The Spotlight is a regular Q & A feature that showcases our people, their expertise, and trending topics that are on top of our clients’ minds directly from the voices of our business leaders.
Adam Barnett, Partner, Asset Management
Adam Barnett, a partner at Aon in McLagan's asset management practice, providing performance and reward consulting services to various investment management organizations. Adam’s areas of expertise include designing annual and long-term incentive plans and sales compensation programs, conducting sales and financial performance benchmarking studies, and analyzing competitive compensation practices and levels.
We spoke with Adam about the impact of money on happiness and motivation, which was a part this year's annual Musings that he shares with his asset management clients and how he sees the asset management industry today.
Do you believe that money impacts happiness?
Generally, no. Except for truly poor people—those who would go to sleep hungry if they didn’t have money—researchers find that money has little impact on happiness. These findings have interesting implications for compensation professionals, especially since our work focuses on the primacy of money. In particular, if the quest for happiness is universal and more money does not make people happier, why do we (and our clients) insatiably focus on money?
Do you believe that money motivates people?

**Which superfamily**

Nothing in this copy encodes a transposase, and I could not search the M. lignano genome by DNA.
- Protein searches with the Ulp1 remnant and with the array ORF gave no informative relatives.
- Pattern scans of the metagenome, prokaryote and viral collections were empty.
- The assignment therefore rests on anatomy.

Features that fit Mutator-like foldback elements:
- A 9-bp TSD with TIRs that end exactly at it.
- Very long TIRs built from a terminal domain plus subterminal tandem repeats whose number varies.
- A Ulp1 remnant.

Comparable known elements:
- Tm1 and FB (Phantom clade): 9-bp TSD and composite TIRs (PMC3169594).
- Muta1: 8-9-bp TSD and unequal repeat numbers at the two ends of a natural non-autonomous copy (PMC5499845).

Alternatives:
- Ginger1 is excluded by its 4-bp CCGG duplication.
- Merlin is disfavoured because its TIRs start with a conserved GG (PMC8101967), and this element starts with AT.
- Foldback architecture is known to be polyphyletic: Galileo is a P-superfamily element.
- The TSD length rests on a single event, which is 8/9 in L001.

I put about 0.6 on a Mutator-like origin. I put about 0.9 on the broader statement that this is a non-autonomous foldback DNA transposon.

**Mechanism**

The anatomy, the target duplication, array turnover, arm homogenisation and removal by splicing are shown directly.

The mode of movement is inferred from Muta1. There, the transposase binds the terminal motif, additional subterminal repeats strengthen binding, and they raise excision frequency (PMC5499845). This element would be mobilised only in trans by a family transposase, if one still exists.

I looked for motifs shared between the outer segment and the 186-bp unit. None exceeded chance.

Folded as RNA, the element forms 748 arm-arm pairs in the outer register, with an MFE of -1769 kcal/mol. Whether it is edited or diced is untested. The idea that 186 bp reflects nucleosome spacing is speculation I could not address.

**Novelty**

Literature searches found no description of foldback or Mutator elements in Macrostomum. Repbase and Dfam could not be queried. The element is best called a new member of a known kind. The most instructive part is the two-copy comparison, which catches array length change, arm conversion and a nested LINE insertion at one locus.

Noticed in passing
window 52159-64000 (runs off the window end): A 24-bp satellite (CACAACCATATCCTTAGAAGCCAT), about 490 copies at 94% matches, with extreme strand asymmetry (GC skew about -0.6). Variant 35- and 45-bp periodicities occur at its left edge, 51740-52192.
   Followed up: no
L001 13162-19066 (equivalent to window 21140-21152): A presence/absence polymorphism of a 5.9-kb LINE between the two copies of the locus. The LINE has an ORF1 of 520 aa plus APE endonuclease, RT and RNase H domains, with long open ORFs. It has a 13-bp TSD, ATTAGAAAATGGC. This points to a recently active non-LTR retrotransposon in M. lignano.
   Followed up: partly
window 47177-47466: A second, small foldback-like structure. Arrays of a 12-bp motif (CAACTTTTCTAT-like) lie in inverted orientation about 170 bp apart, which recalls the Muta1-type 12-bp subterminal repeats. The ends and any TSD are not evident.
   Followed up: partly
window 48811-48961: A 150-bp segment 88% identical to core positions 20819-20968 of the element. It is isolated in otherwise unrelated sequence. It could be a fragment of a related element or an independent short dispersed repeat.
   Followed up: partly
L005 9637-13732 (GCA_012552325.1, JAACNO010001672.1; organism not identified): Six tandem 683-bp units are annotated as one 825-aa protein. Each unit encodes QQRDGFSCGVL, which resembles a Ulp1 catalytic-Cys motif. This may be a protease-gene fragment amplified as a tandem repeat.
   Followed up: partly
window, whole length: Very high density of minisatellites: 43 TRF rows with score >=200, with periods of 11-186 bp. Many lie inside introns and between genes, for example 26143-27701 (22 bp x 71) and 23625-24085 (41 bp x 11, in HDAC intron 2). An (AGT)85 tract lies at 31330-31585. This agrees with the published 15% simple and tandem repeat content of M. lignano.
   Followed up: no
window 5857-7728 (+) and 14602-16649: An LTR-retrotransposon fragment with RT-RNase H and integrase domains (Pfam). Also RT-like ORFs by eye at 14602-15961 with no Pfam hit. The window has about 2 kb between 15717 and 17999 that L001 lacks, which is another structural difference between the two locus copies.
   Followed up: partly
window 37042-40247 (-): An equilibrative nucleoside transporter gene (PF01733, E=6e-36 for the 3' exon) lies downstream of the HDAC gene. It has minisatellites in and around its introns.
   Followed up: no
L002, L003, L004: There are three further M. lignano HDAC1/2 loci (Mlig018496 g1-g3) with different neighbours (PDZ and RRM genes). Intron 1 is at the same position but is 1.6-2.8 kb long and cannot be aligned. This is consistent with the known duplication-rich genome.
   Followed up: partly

It’s hard to generalize, given that each person is motivated by different things based on their unique genotype, upbringing, early childhood experiences, etc. There are also various forms of motivation—extrinsic motivation and intrinsic motivation, to name just two. Subject to these qualifications, researchers conclude that money supports extrinsic motivation, where actions result from external demands, such as rewards and punishments. Researchers also conclude that money may inhibit intrinsic motivation, where actions result from a person’s interests, passions, beliefs, and values. Essentially, people who are intrinsically motivated may feel compromised if they perceive that they are being influenced by a contingent reward like money.
What are three words that describe the asset management industry today?
Disrupted. The asset management industry is being disrupted by:
- the shift to indexed investing from traditional active investing
- evolving technologies
- changes in investor behavior, including, but not limited to, the continued shift from DB to DC pension plans
Beta-dependent / exposed. Over the past five years, the asset management industry’s record-high financial results have been fueled by buoyant financial markets. As financial markets fall, effectively normalizing the record gains of the past few years, asset management company revenues, headcount, and pay will decline.
Attractive. All is not doom and gloom. In fact, it’s far from it. While the industry faces significant challenges,
- Asset management economics are still great (average profit margins of 33% in FY 2017).
- The industry is lightly regulated compared to banks.
- The underlying mission—providing people with retirement security—is still noble.
If you are interested in connecting with Adam, he can be reached at firstname.lastname@example.org.